Government Service and International Peace Efforts
I realized more and more as I went on that I did not really know much more of my subject than they did in Bisbee, Arizona, or Little Rock, Arkansas... but I certainly knew fewer things that were not so.
– Ida Tarbell, All in the Day's Work: An Autobiography
During the First World War, Ida served on the Women's Committee on the Council of National Defense. At first, the head of the committee, Anna Howard Shaw, was opposed to Ida's presence. Suffragists and other feminists often had arguments with Ida because they couldn't understand why she failed to embrace their cause wholeheartedly and enthusiastically. Ida, in turn, couldn't understand why the militant feminists refused to adopt her more nuanced approach: she objected to what she saw as their denigration of homemaking as a profession, as well as their hostility to men in general. She seriously disagreed with the attitude of many feminists from the late-19th and early-20th centuries, which held that women were inherently morally superior to men. She simply didn't believe that giving women the vote was going to solve all of society's problems. It could be argued that history has vindicated her stance.
In spite of their ideological disagreements, Ida and Anna Shaw worked well together, helping to 'spread the word' about victory gardens and austerity during the 'war to end war'. Ida was amused at the outrage experienced by the women's committee when they found themselves under the leadership of the US Food Administration, led by Herbert Hoover – a man. Ida saw that managing the food resources of a continent-wide nation of 100 million was going to take more organisation than these volunteers could muster.
After the war, Ida had a chance to help her old friends in Paris. She was sent to France as part of the Red Cross. She reported on the rebuilding of the country for Red Cross Magazine.
A pacifist by conviction, Ida disapproved of the war, but trusted Woodrow Wilson to make good on his post-war promise to bring about a lasting peace through the League of Nations. Both during and after the war, she travelled the country as a Chautauqua speaker in support of Wilson's ideas. She even clashed with long-time presidential candidate William Jennings Bryan over the question of financial and military support for France. In the end, Wilson didn't live long enough to succeed in realising his vision: the US Senate never signed his Covenant.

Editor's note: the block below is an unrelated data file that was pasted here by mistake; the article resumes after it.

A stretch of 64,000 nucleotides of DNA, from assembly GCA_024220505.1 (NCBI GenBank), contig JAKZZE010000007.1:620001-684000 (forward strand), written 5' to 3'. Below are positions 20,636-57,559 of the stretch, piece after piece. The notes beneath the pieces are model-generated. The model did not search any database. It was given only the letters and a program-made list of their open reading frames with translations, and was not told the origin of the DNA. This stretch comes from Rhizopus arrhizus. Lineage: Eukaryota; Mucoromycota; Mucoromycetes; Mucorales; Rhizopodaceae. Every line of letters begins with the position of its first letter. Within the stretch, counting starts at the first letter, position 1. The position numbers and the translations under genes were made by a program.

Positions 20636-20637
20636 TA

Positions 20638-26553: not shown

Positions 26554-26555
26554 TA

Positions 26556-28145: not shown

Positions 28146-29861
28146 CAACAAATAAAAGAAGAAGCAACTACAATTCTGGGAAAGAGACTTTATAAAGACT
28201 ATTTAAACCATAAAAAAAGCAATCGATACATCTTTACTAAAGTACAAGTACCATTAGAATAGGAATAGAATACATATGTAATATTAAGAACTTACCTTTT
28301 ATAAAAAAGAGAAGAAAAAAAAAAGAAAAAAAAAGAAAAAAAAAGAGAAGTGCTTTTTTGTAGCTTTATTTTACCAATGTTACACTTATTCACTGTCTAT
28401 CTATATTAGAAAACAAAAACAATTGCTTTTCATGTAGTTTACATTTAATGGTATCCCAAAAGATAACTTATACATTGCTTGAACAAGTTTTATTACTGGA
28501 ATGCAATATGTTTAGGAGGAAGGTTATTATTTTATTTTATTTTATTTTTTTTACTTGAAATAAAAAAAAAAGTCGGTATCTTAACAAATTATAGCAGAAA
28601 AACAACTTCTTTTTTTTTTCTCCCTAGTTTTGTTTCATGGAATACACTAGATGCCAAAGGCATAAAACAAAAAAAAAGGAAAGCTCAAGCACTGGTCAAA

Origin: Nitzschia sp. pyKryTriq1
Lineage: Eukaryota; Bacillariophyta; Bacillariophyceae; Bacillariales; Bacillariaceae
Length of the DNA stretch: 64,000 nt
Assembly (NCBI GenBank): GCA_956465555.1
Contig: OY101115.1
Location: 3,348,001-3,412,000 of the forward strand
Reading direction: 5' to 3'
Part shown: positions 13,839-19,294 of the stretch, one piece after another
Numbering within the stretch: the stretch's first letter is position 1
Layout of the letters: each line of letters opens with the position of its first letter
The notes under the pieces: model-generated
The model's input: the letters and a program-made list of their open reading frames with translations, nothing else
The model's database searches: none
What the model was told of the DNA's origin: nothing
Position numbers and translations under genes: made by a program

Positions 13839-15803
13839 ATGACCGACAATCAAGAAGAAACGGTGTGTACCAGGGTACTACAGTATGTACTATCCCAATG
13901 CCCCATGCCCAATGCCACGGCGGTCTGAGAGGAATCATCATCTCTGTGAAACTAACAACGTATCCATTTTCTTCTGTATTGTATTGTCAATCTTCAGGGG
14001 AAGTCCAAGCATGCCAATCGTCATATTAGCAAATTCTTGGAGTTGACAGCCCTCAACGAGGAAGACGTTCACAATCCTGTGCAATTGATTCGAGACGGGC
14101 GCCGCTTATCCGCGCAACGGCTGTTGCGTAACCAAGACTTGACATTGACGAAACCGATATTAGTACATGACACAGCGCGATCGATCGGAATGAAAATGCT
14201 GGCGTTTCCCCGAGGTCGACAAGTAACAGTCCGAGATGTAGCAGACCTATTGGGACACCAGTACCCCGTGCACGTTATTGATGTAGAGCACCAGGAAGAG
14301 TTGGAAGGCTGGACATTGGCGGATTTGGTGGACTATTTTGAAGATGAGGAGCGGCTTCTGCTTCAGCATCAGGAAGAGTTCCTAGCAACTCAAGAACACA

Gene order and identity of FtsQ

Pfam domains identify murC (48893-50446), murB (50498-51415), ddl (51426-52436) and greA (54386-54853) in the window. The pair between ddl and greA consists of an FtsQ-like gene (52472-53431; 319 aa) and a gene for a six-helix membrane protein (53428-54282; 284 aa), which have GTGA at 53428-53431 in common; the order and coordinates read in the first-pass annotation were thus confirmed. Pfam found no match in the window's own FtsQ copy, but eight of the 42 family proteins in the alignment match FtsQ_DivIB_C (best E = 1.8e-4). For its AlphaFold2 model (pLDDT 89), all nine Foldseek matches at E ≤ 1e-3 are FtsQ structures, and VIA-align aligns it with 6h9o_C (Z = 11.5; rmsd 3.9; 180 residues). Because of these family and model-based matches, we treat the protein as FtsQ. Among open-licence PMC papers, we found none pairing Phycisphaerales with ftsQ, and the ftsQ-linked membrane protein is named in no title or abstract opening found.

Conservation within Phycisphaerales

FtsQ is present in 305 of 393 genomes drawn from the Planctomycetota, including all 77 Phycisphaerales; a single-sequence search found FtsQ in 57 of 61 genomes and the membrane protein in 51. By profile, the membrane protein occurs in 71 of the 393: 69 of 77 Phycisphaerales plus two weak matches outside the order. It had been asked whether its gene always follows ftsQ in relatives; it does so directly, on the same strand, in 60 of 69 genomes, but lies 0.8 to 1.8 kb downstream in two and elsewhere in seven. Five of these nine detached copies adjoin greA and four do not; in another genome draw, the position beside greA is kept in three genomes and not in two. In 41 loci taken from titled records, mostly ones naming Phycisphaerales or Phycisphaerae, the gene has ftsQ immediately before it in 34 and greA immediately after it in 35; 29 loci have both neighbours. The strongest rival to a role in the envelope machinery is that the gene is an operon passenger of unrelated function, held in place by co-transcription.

Ida settled down on her farm in Connecticut, and did freelance writing. She had never married, but was surrounded by family members. She continued to travel abroad in the 1920s. Once, she interviewed Benito Mussolini. Her portrait of him in print was surprisingly flattering, causing people to fear that she had mellowed with age. 'He might be – was, I believe – a fearful despot, but he had a dimple,' she wrote. Ida put it more philosophically in her memoirs, which she published in 1939, five years before her death at 86:
Nobody begins or ends anything. Each person is a link, weak or strong, in an endless chain. One of our gravest mistakes is persuading ourselves that nobody has passed this way before.
– Ida M Tarbell, All in the Day's Work: An Autobiography
For More Information
If you want to get the flavour of this woman's varied experiences, you couldn't do better than to read her own account of it in All in the Day's Work: An Autobiography, Ida M Tarbell, New York: Macmillan, 1939.
Get an idea of what Ida's brand of journalism could do to make the world smaller4: read this illustrated article about Louis Pasteur from an 1893 issue of McClure's. Ground-breaking stuff for its time.
Want to see what Ida and her world looked like? Here's a slideshow with images that should help set the scene. Like most US-written sketches of Ida, it emphasises her role in the fall of the Standard Oil monopoly. This is normal: that's what she's remembered for in the school curriculum, much as she would have objected.
Photo credit: Library of Congress